What is the dynamic of your group like? Do you all get along and hang out outside of playing? Well we’ve recently been plagued by guys having to leave the group so it’s a bit different now. Our drummer of two and a half years had to leave due to medical problems and our lead guitarist was replaced a few months ago by a really talented guy, Matt Anderson. We actually just found a new drummer, Sammy Rogers, who moved from California to join a real working band. He is hands down gangbusters. And we all get along really well. Every now and then I go surfing with Jay our keyboard player. He’s got a nice surf shack out in Rockaway and when the swell gets good I head out there. But with Sammy we plan on going out and getting in bar brawls just to test our metal.

Where can we find you guys (venues, schedule)? Well like I said we’ve had to do a bit of rebuilding so as of now the only show we have booked is Jan. 2nd at R Bar, which is a great venue. But you can buy our first album “These Days” on iTunes, Amazon, CD baby and more. You can also get the hard copy from our labels website RomulusXrecords.com, which I suggest because the artwork on it is so cool. A real Ralph Steadman feel to it. And of course you can go to the myspace.com/projectcharlie page to find out about shows.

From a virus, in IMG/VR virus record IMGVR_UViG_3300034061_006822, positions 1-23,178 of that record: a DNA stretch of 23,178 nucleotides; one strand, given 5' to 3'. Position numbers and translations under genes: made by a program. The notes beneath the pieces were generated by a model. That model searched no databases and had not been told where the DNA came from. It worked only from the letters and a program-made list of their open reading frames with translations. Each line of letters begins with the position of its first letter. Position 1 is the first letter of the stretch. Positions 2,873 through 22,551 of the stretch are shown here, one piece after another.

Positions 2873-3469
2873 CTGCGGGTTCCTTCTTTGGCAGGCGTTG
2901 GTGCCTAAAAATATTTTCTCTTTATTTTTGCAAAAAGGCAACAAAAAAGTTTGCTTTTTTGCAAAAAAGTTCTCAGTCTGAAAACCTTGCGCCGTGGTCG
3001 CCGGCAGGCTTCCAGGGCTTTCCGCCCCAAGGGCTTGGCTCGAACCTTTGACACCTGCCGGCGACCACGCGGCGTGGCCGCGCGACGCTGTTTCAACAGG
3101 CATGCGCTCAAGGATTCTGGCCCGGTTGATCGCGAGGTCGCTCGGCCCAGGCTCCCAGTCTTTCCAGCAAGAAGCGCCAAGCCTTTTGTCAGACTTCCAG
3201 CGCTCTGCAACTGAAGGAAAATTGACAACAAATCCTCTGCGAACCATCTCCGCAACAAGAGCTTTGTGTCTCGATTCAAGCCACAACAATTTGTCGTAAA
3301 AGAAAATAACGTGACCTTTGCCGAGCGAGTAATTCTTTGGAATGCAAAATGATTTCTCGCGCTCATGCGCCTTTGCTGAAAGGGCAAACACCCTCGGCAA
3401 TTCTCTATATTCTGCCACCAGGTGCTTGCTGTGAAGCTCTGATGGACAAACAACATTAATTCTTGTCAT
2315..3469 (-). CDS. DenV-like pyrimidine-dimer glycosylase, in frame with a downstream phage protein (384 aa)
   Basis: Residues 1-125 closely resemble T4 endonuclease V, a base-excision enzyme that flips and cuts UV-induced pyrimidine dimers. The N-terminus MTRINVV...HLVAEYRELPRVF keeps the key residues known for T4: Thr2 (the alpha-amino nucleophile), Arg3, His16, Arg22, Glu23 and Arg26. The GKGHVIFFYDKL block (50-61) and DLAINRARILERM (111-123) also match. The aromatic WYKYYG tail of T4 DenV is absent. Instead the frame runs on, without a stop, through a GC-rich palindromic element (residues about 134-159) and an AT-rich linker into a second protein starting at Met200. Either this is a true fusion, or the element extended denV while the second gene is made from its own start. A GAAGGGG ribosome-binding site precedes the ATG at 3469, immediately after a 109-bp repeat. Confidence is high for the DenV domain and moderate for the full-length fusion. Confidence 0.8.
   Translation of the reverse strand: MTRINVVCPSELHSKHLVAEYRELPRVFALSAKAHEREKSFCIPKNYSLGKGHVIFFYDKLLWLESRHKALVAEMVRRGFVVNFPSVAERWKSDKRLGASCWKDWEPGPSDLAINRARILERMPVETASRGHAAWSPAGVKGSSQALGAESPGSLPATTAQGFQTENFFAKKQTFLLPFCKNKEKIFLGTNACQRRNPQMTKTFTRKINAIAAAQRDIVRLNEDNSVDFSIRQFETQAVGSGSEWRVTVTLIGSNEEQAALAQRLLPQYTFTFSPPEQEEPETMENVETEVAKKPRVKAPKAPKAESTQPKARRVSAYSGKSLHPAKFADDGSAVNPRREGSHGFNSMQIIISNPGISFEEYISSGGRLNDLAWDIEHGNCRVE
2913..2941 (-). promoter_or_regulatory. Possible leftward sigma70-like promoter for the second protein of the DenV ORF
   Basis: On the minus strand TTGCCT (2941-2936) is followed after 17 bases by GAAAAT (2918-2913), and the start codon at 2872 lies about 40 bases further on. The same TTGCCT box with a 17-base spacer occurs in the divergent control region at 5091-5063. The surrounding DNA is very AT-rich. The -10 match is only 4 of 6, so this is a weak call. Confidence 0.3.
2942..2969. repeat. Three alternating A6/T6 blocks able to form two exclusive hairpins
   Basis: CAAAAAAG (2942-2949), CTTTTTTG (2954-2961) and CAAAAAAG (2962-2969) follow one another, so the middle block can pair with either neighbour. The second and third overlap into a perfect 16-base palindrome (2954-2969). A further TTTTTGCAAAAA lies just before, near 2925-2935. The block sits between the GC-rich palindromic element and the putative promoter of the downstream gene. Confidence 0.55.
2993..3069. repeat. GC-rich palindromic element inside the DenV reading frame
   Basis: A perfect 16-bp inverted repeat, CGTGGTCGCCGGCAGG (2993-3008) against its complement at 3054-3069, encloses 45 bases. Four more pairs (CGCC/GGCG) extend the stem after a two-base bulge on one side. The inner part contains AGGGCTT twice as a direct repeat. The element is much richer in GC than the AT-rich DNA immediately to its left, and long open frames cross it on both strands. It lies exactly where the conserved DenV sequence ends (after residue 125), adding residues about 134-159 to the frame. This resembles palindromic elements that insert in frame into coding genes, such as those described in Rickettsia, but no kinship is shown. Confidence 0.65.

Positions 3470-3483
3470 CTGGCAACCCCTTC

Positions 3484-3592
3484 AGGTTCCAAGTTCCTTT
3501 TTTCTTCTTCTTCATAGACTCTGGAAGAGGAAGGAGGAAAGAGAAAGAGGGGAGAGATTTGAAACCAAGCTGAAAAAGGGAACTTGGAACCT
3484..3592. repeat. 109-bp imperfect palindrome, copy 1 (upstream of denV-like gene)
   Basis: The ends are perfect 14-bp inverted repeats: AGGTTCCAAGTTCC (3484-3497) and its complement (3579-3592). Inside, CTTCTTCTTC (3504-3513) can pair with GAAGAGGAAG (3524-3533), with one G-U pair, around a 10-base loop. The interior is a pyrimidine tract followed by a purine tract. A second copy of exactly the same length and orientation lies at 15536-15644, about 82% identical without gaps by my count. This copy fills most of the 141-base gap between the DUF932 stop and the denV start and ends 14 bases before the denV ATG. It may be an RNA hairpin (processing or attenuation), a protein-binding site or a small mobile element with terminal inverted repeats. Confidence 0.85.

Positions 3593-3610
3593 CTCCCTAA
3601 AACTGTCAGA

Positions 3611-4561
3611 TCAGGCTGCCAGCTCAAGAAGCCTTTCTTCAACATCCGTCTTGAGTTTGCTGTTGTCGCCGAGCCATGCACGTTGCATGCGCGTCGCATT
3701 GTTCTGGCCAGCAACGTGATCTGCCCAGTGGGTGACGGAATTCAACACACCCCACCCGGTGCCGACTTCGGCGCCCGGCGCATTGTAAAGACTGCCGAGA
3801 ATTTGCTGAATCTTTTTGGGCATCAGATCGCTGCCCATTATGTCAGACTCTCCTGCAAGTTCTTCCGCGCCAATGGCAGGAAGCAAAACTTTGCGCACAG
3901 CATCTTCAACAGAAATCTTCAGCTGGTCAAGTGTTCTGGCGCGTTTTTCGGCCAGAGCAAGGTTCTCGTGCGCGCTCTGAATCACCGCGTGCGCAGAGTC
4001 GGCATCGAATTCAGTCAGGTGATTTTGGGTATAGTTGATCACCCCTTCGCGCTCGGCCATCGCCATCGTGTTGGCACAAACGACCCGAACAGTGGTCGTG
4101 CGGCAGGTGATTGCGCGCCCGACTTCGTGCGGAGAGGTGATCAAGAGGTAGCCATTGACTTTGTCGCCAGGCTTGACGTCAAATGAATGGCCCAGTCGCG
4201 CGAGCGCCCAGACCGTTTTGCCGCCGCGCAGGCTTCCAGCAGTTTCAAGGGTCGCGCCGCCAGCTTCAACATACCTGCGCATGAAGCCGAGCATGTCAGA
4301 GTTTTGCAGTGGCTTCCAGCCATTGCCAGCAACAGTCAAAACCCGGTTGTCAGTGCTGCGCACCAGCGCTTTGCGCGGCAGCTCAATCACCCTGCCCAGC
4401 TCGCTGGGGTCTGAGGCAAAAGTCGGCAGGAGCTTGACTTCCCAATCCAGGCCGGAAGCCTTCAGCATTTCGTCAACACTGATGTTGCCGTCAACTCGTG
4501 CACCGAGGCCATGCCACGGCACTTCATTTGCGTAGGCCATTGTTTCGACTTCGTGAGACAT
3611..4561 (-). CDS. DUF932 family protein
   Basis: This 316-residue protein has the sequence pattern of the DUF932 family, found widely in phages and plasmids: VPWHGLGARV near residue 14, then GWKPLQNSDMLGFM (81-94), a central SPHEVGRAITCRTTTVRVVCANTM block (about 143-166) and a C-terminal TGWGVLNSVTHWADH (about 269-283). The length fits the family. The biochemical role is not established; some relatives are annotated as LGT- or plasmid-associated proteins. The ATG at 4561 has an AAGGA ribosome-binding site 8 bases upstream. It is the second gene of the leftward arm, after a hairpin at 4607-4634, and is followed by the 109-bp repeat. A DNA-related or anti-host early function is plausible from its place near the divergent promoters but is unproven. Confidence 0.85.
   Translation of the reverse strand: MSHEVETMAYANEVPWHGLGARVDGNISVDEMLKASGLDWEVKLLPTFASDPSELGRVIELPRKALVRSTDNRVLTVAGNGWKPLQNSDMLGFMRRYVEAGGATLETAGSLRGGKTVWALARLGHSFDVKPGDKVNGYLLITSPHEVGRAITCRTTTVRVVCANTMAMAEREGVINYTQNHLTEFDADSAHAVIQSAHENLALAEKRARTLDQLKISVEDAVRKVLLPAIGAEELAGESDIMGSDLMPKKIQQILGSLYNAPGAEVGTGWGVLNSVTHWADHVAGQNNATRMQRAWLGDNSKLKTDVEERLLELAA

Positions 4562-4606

Favorite place/s in New York? Central Park. I try to go at least once a day. And I love the subway. So many people hate the train but it’s the fastest way to travel. You also get a good look at the real New York when you’re underground. It kind of forces all aspects of the city into one place.

Coolest person you've ever met Roger Waters. I’m not normally star struck at all but I was speechless. I wanted to at least tell him he was the man and maybe thank him for the songs but I just starred dumbly.

Are you single? Yeah I’m single and I think maybe doomed in love. But I haven’t given up hope.

Your favorite song you've written/performed. I’d have to say one of the newer songs, FM Crush. It’s about a girl who becomes a prostitute so that she can buy vinyl records because there’s nothing good on the radio anymore. Its kind of a parable on how bad the mainstream music scene is.

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Is Rock and Roll dead? You know when we first started out Neill and I put up all these signs that said: “Rock n Roll is not dead, but it’s dying.” I think it came really close to being dead but it’s on the rise again. I think it’s mainly up to the people to no longer be apathetic about music. It seems like the times are ripe for a rock n roll renaissance.

Do you believe that "only the good die young"? I mean if you look at it in light of the 27 club, there’s certainly an element of that in music. There are those figures that are grand in everything they do and so burn out early. But I hope that it isn’t entirely true because I know a lot of talented good people that I’d hate to see check out early.